With pure competition, the most contagious is the tendency to consume the least amount of land. Graphically speaking, if a viral particle is placed on a towel to hold a place on the beach, there is no room for another, or at least more difficult. In this way, as viruses become more contagious and viruses transform into more and more infectious diseases, we notice their presence as they become more successful. Therefore, in order to analyze the significance of a mutation, it is first necessary to be clear about whether it has an effect or not. For example, changing the word “car” to “automobile” in a sentence can be considered an ineffective change. Equivalent mutation would not be a burden or a benefit to the virus.

READ  Mars, Jupiter and three other planets will appear this November; Here's how to see them without binoculars

Recently Variant VUI – 202012/01 Dell SARS-CoV-2, Which increases the relative presence and invites us to think that it is more contagious. Everything seems to indicate that the transformations it has experienced have a clear effect. One of the changes in its text is the subtle modification of the piece that allows the viral particles to bind to our cells, the S protein. We can imagine it as a sticker, which is why it is more contagious: it immediately attaches to some of our cells to start an infection through the bloodstream through the lungs.

We can not yet confirm that mutations in this variant have other effects, but we can suggest a possible logical result: if it shows that it is really more contagious, it will eat the ground from others and increase its presence, and the number of individuals infected. Fortunately, infectious potential has not been associated with greater aggression. In fact, when there is a very aggressive variant it tends to reduce its infectious potential because if it keeps the infected in bed, they can not lead a rhythm of life and it allows them to pollute people. In fact, aggression and infectious potential are often balanced, but we still do not know if this is the case with this variant. In fact, the primary results do not show significant differences in their aggressiveness. The gradual accumulation of mutations makes a virus indistinguishable from its predecessors because it changes when we are five years old.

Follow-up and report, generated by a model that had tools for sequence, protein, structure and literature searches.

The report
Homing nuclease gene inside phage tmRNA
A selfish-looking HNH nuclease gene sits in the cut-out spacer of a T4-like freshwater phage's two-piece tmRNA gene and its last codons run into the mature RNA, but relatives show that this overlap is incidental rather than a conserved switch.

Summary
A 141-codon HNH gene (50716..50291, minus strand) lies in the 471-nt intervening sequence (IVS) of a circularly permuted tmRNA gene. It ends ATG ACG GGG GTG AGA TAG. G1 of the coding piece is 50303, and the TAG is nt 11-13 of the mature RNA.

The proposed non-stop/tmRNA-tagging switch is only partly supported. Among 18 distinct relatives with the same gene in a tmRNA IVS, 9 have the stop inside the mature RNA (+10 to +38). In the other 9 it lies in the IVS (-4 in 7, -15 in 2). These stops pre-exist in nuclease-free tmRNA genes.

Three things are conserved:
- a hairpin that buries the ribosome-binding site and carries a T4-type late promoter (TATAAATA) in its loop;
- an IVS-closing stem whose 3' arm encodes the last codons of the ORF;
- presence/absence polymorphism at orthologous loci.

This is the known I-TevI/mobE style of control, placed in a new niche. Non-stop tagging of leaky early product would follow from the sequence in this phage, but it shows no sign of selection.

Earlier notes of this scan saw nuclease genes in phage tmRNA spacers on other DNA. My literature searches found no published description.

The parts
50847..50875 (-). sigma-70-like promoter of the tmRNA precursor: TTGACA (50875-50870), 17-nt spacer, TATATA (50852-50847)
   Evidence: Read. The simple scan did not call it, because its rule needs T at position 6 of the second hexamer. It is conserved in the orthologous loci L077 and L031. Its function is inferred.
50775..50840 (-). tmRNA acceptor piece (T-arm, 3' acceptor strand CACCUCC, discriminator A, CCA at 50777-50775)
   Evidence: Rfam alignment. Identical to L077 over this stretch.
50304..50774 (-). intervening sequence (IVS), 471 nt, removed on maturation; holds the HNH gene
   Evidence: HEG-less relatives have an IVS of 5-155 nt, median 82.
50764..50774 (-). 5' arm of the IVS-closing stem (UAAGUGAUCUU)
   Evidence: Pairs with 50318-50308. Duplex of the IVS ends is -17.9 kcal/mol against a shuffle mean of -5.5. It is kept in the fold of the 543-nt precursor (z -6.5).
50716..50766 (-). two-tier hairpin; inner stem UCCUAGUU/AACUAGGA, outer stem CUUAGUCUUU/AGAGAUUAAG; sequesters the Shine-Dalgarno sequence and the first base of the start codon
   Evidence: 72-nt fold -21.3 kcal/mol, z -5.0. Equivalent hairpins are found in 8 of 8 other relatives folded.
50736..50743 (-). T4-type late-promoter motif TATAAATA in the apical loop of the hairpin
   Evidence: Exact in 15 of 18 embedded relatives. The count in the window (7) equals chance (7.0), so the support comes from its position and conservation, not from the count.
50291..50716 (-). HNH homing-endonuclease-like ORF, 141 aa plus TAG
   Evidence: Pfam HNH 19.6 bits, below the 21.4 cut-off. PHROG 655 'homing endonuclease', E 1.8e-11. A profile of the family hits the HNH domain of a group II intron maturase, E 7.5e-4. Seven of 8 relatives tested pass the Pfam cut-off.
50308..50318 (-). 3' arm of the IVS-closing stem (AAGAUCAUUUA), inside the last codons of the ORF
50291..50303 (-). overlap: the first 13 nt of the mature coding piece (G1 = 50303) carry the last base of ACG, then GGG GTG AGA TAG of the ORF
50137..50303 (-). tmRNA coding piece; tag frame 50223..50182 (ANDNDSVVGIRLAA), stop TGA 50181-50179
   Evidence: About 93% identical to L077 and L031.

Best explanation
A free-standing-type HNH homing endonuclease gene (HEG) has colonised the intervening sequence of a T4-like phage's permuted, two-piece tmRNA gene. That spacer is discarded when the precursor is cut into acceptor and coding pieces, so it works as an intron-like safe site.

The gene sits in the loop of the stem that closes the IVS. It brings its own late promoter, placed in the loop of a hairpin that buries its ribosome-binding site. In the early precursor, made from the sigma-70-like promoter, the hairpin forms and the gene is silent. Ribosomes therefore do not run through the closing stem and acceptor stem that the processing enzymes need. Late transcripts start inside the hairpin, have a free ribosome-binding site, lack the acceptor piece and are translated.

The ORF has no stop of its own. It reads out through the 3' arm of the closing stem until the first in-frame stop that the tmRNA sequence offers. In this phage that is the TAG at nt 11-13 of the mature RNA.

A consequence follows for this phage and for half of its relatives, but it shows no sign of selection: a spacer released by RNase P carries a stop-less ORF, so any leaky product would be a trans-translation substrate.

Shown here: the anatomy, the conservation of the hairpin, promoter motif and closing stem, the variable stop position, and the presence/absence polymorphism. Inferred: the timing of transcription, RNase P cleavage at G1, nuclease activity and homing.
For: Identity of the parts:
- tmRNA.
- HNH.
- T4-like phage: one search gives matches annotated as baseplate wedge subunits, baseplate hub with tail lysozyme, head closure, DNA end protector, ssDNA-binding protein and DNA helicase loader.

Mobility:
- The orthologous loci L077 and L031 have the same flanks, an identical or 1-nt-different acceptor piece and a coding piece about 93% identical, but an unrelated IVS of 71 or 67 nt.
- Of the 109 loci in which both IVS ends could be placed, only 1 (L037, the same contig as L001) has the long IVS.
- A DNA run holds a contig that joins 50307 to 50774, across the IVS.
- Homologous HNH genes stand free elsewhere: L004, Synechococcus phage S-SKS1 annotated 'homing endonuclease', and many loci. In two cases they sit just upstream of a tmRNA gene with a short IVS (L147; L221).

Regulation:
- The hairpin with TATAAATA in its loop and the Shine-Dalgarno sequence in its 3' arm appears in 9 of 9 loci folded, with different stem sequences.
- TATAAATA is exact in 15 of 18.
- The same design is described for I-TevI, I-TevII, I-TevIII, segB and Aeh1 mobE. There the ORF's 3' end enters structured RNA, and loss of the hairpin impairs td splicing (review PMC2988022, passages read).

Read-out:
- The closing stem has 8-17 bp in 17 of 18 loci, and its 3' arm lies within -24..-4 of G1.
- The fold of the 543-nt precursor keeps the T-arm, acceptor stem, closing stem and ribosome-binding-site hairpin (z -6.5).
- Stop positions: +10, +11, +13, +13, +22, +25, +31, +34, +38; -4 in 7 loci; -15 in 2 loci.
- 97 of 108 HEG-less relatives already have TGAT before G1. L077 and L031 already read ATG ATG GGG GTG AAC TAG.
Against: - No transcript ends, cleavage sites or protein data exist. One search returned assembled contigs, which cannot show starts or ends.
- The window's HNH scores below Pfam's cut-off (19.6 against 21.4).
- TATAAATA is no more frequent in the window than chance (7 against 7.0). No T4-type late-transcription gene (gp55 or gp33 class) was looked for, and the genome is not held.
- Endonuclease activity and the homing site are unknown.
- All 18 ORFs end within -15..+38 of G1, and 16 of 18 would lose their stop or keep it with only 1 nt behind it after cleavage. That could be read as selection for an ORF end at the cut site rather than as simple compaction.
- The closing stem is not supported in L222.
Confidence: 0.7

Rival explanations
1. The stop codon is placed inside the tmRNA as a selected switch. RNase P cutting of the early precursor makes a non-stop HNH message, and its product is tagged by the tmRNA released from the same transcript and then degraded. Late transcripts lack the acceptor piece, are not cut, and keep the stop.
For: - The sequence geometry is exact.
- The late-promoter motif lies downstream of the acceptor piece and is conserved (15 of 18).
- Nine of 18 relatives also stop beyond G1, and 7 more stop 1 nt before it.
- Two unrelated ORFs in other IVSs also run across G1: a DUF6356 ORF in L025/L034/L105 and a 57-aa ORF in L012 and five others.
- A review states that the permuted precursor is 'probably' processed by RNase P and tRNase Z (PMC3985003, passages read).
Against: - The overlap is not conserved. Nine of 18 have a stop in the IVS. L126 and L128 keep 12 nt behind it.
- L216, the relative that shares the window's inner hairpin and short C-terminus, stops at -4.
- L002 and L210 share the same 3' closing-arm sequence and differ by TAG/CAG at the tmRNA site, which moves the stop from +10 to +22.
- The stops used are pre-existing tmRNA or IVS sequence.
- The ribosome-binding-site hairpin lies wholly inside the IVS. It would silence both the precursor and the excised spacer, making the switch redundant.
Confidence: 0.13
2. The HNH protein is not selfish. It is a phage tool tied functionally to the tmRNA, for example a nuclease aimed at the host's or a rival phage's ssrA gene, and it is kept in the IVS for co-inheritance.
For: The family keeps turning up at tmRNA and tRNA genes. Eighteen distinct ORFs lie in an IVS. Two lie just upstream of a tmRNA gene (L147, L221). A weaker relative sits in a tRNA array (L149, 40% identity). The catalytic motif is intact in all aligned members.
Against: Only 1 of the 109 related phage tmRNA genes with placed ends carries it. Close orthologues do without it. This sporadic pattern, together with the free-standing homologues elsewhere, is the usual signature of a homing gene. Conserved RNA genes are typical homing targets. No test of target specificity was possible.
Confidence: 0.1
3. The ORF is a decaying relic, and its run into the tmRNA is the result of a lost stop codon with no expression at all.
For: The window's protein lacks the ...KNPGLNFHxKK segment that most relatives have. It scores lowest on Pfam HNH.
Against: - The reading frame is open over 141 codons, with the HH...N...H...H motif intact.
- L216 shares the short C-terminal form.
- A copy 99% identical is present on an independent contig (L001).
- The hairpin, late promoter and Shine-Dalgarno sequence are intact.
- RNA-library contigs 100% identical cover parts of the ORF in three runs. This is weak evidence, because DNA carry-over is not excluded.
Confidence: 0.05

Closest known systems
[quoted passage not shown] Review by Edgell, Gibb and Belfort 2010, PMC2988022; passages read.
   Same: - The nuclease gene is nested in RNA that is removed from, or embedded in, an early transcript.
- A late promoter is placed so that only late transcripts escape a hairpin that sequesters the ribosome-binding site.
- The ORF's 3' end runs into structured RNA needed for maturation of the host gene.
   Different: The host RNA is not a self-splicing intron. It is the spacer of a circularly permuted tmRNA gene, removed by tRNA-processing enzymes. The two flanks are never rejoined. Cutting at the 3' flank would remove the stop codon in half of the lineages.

SARS-CoV-2 is not a particularly mutable virus, but others, which transform very quickly like the flu virus, becoming a new enemy each year. Fortunately, none of the variants in which SARS-CoV-2 appears has undergone major modification in its RNA. But during the large development of the virus, as it currently is, the likelihood of mutations persisting increases. In short, we can say that SARS-CoV-2 is a highly contagious virus and to date, very little mutation. However, high cases are the best ally for future changes, and the best way to deal with them is to lower your copy rate. Now it is not easy to avoid, if it affects our cells, it can copy and transform thousands of times. We can avoid increasing the number of infected individuals through our behavior, so it will definitely decrease.

READ  My husband invited his mother-in-law to play, and I was not happy when I found out his planned plan through a phone call.

Miguel Pita He is a geneticist, professor and researcher at the Autonomous University of Madrid. He is the author of it One day in the life of a virus (Peripheral)

You can follow MATTER Inside Facebook, Twitter, Instagram Or subscribe here Newsletter

Written By
More from Jake Pearson

Leave a Reply

Your email address will not be published. Required fields are marked *